The Midlands’ residential development market is shedding its “emerging hub” status as it continues to mature at pace, according to the Birmingham Report.
Knight Frank has announced that 2019 was a record year for its residential land and capital markets teams operating in the region, with £289m transacted across the year – the highest volume ever transacted by the firm in a single year.
Rising employment opportunities and a growing population continue to drive the city’s new homes and rental markets, and has prompted a number of major housebuilders to seek to increase their exposure in the city.
“Momentum is certainly building, and Birmingham and the wider region is no longer an emerging hub – it’s an established location in its own right,” said Mark Evans, head of regional residential development at Knight Frank.
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“We’re seeing increasing levels of interest from overseas investors as well as domestic buyers. This positive sentiment is creating an increased appetite from developers to not only acquire good quality land, but an urgency to launch their existing schemes to market to meet demand.”
In total, some 4,187 additional dwellings were delivered in 2018-19 in Birmingham up from 3,160 the previous year, representing a 33% rise – the highest in over 15 years. But a further 2,500 homes a year are still needed in Birmingham to help meet demand and clear the backlog.
As the UK’s second-largest business hub, Birmingham has benefited from a fast-growing local economy as well as large-scale city centre regeneration, which is helping to fuel population growth. Coupled with this is Birmingham’s relative affordability compared to other areas of the UK, especially in the south of England, making it the UK’s most popular city for London leavers, ahead of Brighton, Bristol and Manchester.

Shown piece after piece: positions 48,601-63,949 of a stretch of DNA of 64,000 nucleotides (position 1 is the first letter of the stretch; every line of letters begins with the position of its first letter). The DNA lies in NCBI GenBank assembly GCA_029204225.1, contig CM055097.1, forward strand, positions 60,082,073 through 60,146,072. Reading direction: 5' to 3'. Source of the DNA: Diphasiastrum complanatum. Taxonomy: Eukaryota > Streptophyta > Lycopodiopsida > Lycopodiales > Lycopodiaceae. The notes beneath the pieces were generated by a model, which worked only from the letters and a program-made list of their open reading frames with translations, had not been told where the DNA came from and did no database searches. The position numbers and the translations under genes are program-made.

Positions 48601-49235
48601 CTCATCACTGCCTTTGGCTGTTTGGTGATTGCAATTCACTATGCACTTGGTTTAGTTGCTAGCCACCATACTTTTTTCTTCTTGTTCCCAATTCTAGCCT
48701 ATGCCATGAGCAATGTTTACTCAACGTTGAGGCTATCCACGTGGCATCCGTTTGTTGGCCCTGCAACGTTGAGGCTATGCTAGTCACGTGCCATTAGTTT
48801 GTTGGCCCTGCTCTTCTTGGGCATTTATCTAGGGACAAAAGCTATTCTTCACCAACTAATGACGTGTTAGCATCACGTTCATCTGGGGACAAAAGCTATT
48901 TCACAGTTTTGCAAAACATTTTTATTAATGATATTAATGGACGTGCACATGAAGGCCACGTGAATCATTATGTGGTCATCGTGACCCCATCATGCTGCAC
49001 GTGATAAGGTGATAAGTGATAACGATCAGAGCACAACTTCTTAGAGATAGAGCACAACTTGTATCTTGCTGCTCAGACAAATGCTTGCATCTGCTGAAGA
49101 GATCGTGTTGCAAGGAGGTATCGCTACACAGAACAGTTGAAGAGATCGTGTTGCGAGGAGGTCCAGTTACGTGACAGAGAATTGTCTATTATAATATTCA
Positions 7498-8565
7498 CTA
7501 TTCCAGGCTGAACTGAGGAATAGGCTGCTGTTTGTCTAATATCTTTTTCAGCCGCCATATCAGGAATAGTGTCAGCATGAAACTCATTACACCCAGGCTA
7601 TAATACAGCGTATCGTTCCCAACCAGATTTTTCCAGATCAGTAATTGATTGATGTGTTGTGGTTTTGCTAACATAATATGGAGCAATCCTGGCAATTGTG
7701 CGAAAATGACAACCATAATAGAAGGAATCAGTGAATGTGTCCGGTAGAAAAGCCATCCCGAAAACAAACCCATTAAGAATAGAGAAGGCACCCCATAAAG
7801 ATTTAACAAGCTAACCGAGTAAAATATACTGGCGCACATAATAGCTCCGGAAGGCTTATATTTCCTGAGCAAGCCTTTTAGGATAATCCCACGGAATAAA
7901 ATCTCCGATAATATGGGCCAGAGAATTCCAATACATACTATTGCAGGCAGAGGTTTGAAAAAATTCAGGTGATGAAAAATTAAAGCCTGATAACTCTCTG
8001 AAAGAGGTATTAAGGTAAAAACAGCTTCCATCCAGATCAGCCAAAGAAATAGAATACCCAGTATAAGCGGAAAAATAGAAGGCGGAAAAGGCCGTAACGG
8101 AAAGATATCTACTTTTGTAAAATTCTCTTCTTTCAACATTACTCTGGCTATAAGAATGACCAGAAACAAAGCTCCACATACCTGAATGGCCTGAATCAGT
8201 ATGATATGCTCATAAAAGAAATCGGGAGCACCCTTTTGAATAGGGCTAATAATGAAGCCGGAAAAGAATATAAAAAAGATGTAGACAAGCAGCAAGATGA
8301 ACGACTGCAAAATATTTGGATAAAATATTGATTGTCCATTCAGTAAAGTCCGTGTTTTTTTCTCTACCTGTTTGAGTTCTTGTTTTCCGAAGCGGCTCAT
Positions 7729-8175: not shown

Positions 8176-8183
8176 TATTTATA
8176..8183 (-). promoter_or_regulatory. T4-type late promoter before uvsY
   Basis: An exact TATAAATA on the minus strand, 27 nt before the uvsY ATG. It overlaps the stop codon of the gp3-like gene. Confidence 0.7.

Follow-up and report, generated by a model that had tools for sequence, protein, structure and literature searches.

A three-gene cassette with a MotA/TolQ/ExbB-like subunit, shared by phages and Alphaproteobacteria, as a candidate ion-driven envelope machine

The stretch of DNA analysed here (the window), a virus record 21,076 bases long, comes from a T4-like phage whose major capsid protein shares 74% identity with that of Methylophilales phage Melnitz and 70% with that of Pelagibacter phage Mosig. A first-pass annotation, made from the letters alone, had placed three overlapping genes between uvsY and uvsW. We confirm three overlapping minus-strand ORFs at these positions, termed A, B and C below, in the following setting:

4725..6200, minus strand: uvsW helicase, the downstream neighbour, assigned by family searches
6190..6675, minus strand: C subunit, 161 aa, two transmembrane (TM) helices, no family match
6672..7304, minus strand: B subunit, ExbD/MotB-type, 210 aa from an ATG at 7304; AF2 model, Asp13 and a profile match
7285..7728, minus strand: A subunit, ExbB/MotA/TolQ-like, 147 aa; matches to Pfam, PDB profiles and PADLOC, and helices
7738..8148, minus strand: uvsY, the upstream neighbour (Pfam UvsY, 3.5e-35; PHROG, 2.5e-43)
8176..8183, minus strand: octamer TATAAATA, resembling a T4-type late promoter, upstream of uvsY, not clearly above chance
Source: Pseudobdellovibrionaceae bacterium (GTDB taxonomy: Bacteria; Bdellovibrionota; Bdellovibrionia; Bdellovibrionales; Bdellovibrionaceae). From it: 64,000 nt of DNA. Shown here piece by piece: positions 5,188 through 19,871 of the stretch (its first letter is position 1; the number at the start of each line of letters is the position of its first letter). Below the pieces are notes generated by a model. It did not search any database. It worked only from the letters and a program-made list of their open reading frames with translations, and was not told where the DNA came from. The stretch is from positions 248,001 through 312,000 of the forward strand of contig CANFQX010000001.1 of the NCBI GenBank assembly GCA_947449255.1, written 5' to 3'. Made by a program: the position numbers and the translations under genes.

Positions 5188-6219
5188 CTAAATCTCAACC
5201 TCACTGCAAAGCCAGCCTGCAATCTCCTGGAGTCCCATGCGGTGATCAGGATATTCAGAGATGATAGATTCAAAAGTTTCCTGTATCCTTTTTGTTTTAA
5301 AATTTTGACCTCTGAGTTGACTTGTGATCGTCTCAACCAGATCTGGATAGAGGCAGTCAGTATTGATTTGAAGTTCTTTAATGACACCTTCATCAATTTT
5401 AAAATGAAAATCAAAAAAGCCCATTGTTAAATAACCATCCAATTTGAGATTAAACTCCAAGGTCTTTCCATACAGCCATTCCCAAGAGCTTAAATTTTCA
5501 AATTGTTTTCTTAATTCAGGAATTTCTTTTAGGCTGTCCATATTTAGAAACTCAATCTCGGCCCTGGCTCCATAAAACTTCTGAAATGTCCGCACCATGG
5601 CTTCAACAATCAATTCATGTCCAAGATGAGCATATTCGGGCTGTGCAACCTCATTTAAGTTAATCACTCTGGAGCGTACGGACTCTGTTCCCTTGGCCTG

Oliver Knight, residential research associate at Knight Frank, added: “The overall development picture in Birmingham has changed substantially over the past few years. The new-build market is maturing, evidenced by the emergence of some of the major housebuilders in the city for the first time. Sales volumes have also been robust, despite the increased political uncertainty last year, which suggests that well-located and high-specification schemes will continue to perform strongly in 2020 – especially given the clarity afforded by December’s General Election result.”
Evidence of an uptick in interest from developers and housebuilders for land is noticeable in Knight Frank’s record year for transaction volumes in 2019.
Across the firm’s Birmingham and Stratford offices, which together cover the East and West Midlands, the team closed 27 land deals in 2019, with a combined value of £172m. Together, these sites have the capacity to deliver almost 4,000 new plots in the region.
During the same period, the region’s residential valuation team advised banks, developers, housing associations and property investors on over £1bn of residential assets and development opportunities – including in-fill housing sites, urban regeneration proposals, high density city centre developments and a range rental investments.
Knight Frank’s country homes and new homes teams operating in the region were also busy in 2018-19, with £115.3m of sales and reservations reported across 316 properties.
Investors, too, are keen to enter into the region’s fast-growing property market. Knight Frank’s Birmingham residential capital markets team closed nine major tenanted and regional BTR funding deals in 2019, resulting in over £245m of capital to flow into the region.
Evans said: “The clarity afforded by a Conservative majority in the General Election has removed some of the uncertainty that was weighing on the UK’s residential property market, and has paved the way for a release of pent up demand. With a commitment from Boris Johnson on HS2, and major development taking place in and around Birmingham, we expect to see demand and pricing continue on this already very positive trajectory over the next five years.”
Knight Frank forecasts that residential property prices in the West Midlands will rise by 13% over the next five years, with rental growth expected to mirror this, rising by 10% over the same time frame.
By Rachel Covill
Source: The Business Desk